Starring: Craig Foster
Director: Pippa Ehrlich, James Reed
Running Time: 85 mins
My Octopus Teacher is a South African documentary about a man who developed a strong bond with a common octopus, visiting her every day and documenting her life in the wild.
It surely can’t be that interesting to follow a man and an octopus underwater for an hour and a half, right? Well, not only is My Octopus Teacher a riveting and eye-opening view into the natural world, but a deeply intimate and moving emotional ride, bringing us close to the minds of both man and octopus.
Contemplative in its style and patient in its pacing, My Octopus Teacher doesn’t rely on flashy, overdramatised storytelling at any point. That means it’s a very understated movie, and although that may hurt it in the opening stages, it allows the film to develop very organically, ultimately tugging at your heartstrings in beautiful fashion.
With an elegant musical score, gorgeous cinematography and a calm but emotive narration from Craig Foster, the man who developed this incredible relationship with an octopus, My Octopus Teacher is as calming a film as it is emotionally raw, and the way that it exposes all of its true feelings allows you to form such a strong connection with its two main personalities.
The story humanises the octopus through Foster’s narration, as he talks about how she – as he refers to the animal – helped him out of a dark period in his life, and showed him the unparalleled beauty of the natural world. Coupled with an astonishing view of the octopus’ incredible intelligence, you’ll fall for her just as strongly as Foster, making it a privilege to watch her entire life unfold in such a short timeframe.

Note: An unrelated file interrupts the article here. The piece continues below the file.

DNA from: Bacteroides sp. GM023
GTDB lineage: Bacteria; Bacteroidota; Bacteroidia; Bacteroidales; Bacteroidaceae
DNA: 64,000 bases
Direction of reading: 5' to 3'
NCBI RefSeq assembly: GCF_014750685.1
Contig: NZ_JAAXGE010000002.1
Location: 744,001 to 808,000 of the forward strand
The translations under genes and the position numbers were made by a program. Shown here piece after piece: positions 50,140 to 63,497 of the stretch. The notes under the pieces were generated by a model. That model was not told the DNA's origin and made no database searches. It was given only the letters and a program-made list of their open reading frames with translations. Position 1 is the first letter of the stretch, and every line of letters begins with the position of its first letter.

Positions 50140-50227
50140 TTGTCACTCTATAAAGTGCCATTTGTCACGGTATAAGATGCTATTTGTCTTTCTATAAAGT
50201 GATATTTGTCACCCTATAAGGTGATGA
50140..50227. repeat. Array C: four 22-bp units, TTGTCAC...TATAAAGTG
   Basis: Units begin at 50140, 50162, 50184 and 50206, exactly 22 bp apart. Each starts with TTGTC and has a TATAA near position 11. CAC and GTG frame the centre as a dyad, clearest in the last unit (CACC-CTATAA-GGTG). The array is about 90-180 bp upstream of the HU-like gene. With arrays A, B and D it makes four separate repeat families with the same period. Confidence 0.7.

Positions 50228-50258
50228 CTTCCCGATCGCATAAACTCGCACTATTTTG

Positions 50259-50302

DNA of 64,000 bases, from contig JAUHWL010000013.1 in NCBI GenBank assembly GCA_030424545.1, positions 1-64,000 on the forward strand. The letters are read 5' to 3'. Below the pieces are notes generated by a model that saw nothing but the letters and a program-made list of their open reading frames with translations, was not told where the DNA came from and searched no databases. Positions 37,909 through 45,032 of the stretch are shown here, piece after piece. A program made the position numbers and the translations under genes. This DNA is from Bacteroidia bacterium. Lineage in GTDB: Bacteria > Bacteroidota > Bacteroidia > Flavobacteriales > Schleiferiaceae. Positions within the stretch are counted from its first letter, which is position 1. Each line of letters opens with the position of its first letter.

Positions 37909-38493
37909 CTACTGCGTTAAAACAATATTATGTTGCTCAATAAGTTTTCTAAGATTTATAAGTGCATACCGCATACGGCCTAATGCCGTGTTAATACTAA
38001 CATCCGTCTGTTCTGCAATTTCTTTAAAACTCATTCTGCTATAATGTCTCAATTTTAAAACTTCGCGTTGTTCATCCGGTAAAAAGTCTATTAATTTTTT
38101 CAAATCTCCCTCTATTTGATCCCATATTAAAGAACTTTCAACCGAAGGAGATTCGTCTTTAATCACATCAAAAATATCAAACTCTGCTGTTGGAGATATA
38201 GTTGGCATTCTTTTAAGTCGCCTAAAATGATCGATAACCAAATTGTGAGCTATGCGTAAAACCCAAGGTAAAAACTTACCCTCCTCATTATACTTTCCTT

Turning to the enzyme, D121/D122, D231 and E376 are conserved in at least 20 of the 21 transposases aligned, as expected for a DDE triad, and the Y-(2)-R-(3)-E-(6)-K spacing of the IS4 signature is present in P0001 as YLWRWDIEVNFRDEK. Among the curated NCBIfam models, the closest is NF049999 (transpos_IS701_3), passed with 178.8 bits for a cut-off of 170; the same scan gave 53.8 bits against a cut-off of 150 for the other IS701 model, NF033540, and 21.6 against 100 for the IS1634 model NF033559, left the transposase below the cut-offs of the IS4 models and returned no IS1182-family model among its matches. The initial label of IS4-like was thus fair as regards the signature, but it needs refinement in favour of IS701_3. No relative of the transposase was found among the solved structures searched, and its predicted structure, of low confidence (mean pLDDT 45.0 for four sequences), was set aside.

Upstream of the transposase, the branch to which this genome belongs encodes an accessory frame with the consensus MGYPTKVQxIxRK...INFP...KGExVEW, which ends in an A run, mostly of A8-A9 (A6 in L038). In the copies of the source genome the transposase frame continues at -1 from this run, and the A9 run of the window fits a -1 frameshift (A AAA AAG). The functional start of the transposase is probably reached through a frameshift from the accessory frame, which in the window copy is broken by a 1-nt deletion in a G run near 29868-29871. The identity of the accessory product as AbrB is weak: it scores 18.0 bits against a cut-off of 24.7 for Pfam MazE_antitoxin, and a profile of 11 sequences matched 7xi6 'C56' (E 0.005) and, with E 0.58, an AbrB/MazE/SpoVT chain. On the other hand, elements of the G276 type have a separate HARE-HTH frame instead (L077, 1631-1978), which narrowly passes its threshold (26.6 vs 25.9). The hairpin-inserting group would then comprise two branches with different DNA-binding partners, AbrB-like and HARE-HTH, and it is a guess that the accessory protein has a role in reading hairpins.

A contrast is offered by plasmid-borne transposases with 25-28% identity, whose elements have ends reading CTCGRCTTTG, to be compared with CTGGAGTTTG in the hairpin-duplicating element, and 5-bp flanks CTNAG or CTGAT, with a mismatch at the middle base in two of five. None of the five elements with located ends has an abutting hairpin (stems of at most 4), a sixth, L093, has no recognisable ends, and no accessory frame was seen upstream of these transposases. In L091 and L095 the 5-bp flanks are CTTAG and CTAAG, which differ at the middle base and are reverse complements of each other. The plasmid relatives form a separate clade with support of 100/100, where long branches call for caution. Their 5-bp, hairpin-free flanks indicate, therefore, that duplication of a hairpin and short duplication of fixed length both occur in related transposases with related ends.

What’s more, the way in which Foster is able to film and document the octopus so closely in her daily activities is scarcely believable. As well as gorgeous cinematography both on shore and below the water, the dynamism of the camerawork and the intimacy it offers with the octopus is absolutely incredible, and so much more insightful than any other nature documentary I’ve ever seen.
Of course, with just a one-year lifespan, Foster’s time with the octopus is inevitably short-lived, but through visiting her every day, he is able to show just how full an animal’s life can be – no matter how short it is. The film’s story is a soaring exploration of the complexity and beauty of nature, with an inevitable but undeniably moving conclusion.
The only weakness in that regard is that My Octopus Teacher starts off as a very emotional documentary, perhaps jumping the gun when the most intense emotion could have been left to the very end. Its contemplative style is great to see from the beginning, but I feel that a more gradual build in emotional intensity would have made the development of Foster and the octopus’ bond all the more powerful, and the ending all the more heart-wrenching.
Overall, however, I was hugely impressed by My Octopus Teacher. A simple and elegant documentary on the surface, the film is filled with powerful emotional depth and an incredible, eye-opening view on the natural world, making for an undeniably moving watch throughout. So, that’s why I’m giving it a 7.6.